February 8, 2016
More than 40 years into its history, the Kronos Quartet continues to initiate an astounding number of new projects. Notably, the Fifty for the Future program will commission 50 works designed to train young chamber musicians.
But what stands out about the group, more than any specific project, is the care it gives to all its collaborations: Kronos doesn’t simply feature superstar instrumentalists from a variety of musical traditions, but creates with these artists experiences that sound and feel deeply meaningful.
Among the many performers the Explorer Series festival featured last week were Fodé Lassana Diabaté (on balafon, the West African, wooden xylophone), and Homayun Sakhi (playing rubâb, the Afghan lute), master instrumentalists who, as part of the festival's Saturday, Feb. 6, program, also demonstrated considerable compositional skill.
But first, Kronos played the West Coast premiere of Donnacha Dennehy’s One Hundred Goodbyes (Céad Slán), which features the disappearing tradition of sean nós, a style of unaccompanied Gaelic song. Dennehy’s work samples several field recordings collected between 1928 and 1931 through an initiative by the fledgling Irish government.
Too often, electronic samples add little value to instrumental parts that could stand on their own. But even as the recorded track floats in and out of Dennehy’s work, it acts as an esteemed fifth member of the group: It’s as if the singers are still with us.
Accompanying the track in an undulating, post-minimalist texture, the members of the quartet occasionally emerge from the background in direct imitation of the vocal lines. In the last movement, the strings play tremolo while moving their bows across the different sounding points, creating unpredictable pops of resonance. It’s a simply gorgeous work, and the ensemble playing was at its finest here.
Kronos traveled further back in history with the U.S. premiere of Fodé Lassana Diabaté’s Sunjata’s Time, a five-movement work based on the life of the warrior prince Sunjata Keita, founder of the Mali Empire. Each of the first four movements features a different member of the quartet to depict the characters central to Sunjata’s life — a repetitive structure that could easily sound formulaic. But because Diabaté creates such varieties of texture, rhythm, and modality, Sunjata’s Time feels fresh.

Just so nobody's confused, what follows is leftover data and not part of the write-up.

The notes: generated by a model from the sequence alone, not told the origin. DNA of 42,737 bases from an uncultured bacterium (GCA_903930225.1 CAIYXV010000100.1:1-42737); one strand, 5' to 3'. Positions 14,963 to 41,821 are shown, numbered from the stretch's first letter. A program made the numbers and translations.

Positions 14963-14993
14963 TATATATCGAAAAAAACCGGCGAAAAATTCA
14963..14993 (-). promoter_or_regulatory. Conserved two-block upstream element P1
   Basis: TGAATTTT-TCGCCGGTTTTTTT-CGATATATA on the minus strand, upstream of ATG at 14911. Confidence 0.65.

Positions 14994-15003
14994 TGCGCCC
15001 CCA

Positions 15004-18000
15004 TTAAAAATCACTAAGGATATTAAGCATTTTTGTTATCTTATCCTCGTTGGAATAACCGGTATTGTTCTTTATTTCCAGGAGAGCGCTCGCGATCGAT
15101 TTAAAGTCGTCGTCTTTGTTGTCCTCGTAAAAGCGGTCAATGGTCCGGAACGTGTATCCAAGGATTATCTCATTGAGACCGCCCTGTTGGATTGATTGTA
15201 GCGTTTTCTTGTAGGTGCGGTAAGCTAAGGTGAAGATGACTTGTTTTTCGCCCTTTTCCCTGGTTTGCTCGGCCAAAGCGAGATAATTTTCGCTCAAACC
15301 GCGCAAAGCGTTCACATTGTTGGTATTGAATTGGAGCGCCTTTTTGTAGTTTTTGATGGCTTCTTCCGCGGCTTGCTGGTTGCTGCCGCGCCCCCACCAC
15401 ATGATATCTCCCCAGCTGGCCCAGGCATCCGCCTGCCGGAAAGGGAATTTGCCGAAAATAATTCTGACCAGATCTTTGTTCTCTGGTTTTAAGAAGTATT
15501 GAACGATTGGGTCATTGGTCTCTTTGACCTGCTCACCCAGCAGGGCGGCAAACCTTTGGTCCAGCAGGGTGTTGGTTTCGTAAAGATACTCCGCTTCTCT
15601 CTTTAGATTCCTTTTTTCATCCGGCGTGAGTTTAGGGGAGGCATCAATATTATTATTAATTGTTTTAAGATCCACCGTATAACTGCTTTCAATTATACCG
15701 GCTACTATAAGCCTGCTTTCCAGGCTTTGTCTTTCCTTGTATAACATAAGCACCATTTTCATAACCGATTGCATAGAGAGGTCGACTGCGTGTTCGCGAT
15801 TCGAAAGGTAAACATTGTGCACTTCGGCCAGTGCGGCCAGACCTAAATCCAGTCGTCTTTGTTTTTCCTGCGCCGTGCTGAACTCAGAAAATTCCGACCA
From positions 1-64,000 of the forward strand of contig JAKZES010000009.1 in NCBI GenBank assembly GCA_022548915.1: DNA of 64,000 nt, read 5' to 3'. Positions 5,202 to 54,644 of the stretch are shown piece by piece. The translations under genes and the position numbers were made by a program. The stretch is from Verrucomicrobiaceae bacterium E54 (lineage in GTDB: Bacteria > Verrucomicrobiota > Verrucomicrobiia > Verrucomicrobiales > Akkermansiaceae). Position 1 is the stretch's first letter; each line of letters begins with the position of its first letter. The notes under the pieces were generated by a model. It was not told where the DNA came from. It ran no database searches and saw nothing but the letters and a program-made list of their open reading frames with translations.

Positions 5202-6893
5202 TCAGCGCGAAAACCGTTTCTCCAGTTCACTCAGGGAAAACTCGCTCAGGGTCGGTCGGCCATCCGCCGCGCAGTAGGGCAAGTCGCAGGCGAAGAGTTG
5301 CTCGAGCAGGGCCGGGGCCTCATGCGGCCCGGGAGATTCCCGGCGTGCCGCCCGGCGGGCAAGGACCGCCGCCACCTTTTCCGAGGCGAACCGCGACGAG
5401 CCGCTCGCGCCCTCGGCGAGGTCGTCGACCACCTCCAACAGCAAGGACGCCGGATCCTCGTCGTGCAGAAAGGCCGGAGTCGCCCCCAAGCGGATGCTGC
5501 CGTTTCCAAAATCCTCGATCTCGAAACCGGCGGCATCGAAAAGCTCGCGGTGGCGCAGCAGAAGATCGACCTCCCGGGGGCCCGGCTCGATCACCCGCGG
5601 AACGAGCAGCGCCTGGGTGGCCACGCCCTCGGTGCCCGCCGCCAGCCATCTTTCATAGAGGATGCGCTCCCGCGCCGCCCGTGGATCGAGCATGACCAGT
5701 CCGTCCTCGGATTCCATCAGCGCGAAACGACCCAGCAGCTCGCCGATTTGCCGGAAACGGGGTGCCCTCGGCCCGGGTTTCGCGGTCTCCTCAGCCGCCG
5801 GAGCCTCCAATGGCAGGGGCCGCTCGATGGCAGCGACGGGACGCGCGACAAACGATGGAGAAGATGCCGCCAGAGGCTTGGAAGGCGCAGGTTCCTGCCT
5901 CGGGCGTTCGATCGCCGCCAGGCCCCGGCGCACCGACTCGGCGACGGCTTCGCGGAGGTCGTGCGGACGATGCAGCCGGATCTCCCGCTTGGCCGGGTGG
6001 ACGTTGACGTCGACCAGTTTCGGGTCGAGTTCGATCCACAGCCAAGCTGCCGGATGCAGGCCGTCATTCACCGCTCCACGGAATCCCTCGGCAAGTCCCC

Diabaté coaxes more variety of sound out of his instrument than I previously thought possible of the xylophone, and he can play the most rapid passages with utmost lightness. In the second movement, he and second violinist John Sherba made a particularly strong duet, and his writing for first violinist David Harrington — joining in on the melody for just a few notes — was particularly creative. The final movement brings the musicians together “to portray the harmonious and peaceful reign of this great, West African emperor,” and if Diabaté’s music is any indication, it must have been a wonderful time to live.
The cultural celebration continued with Homayun Sakhi’s Rangin Kaman (Rainbow), written for Kronos in 2008. This large-scale work draws inspiration from both the natural phenomenon itself, and from the huge range of musical styles and cultures that make up the distinctive regions of Afghanistan.
In Kronos’s recording of the piece (Smithsonian Folkways Recordings, 2010), however, Sakhi’s mixture of styles sounds less varied than scattered. The second half of the piece loses focus: Two string sections, in particular, seem at odds with what’s come before.
But on Saturday, the magnetism of the performers — including Sakhi (rubâb), Salar Nader (tabla), and Abbos Kosimov (doyra) — transformed these disparate sections into a cohesive whole. The rhythmic sections were vibrant and raucous, and, in their interjecting lines, second violinist Sherba and violist Hank Dutt seemed to fully internalize — and own — Sakhi’s mesmerizing, improvisatory style.
The program opened with Kronos’ own arrangement of the traditional Scandinavian folk song Tusen Tankar (A Thousand Thoughts). It’s a repetitive tune made extraordinary by additional amplification that, in surrounding the audience with sound, augments the scope of the piece. The lyrics — about unrequited love — despair, but the musical effect is quietly hopeful. With luck, Kronos will play this piece for many years to come.